Ramblings & ephemera

Business, work, and good ideas

From Paul Graham’s “Why Smart People Have Bad Ideas” (April 2005):

This summer, as an experiment, some friends and I are giving seed funding to a bunch of new startups. It’s an experiment because we’re prepared to fund younger founders than most investors would. That’s why we’re doing it during the summer– so even college students can participate. …

The deadline has now passed, and we’re sifting through 227 applications. We expected to divide them into two categories, promising and unpromising. But we soon saw we needed a third: promising people with unpromising ideas. …

One of the most valuable things my father taught me is an old Yorkshire saying: where there’s muck, there’s brass. Meaning that unpleasant work pays. And more to the point here, vice versa. Work people like doesn’t pay well, for reasons of supply and demand. The most extreme case is developing programming languages, which doesn’t pay at all, because people like it so much they do it for free. …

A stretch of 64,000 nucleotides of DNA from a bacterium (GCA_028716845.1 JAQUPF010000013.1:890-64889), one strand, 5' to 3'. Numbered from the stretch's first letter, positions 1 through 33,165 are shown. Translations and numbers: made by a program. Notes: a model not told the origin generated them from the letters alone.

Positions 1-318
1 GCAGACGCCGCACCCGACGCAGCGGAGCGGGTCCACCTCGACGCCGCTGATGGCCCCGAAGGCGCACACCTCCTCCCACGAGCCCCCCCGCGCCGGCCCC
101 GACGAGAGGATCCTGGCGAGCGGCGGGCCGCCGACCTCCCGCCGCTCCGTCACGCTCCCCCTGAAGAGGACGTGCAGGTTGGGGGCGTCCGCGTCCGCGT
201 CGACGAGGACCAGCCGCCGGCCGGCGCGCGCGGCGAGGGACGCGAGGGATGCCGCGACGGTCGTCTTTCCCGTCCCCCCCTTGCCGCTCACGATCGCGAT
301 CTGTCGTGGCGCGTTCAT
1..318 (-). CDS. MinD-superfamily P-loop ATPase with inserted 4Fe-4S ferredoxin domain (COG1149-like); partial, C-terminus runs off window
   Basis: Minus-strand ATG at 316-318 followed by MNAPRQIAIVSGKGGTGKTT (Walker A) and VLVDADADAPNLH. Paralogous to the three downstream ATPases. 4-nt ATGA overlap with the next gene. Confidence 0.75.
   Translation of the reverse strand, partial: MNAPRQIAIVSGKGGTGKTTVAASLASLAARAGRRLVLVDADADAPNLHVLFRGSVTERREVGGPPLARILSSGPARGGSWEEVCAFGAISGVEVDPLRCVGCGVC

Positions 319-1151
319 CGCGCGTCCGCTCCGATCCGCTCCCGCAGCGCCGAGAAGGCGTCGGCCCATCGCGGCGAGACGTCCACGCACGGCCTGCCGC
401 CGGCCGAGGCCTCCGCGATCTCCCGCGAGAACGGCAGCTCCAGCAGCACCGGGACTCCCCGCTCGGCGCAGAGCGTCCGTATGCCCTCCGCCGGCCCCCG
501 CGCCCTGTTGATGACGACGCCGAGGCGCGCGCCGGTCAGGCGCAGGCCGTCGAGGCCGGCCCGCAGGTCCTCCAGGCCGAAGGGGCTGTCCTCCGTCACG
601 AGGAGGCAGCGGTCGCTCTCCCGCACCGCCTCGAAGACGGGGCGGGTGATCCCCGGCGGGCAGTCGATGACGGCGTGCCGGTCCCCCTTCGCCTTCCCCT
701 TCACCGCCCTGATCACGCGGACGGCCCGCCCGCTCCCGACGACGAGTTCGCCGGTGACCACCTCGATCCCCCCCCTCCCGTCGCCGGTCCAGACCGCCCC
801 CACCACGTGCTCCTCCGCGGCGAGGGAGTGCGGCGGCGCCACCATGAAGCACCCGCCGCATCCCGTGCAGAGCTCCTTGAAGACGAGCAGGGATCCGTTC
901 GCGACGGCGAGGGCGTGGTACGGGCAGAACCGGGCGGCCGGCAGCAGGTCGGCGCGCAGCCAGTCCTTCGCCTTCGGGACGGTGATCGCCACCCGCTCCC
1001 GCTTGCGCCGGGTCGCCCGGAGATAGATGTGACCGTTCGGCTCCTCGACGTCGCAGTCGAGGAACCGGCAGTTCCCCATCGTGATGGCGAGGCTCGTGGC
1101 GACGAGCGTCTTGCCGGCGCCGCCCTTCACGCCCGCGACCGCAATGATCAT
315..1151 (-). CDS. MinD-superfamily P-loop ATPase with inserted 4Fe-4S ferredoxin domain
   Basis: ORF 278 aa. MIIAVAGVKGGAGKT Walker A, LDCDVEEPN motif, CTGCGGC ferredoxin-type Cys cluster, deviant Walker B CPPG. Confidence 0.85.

So why were we afraid? We felt we were good at programming, but we lacked confidence in our ability to do a mysterious, undifferentiated thing we called “business.” In fact there is no such thing as “business.” There’s selling, promotion, figuring out what people want, deciding how much to charge, customer support, paying your bills, getting customers to pay you, getting incorporated, raising money, and so on. And the combination is not as hard as it seems, because some tasks (like raising money and getting incorporated) are an O(1) pain in the ass, whether you’re big or small, and others (like selling and promotion) depend more on energy and imagination than any kind of special training.

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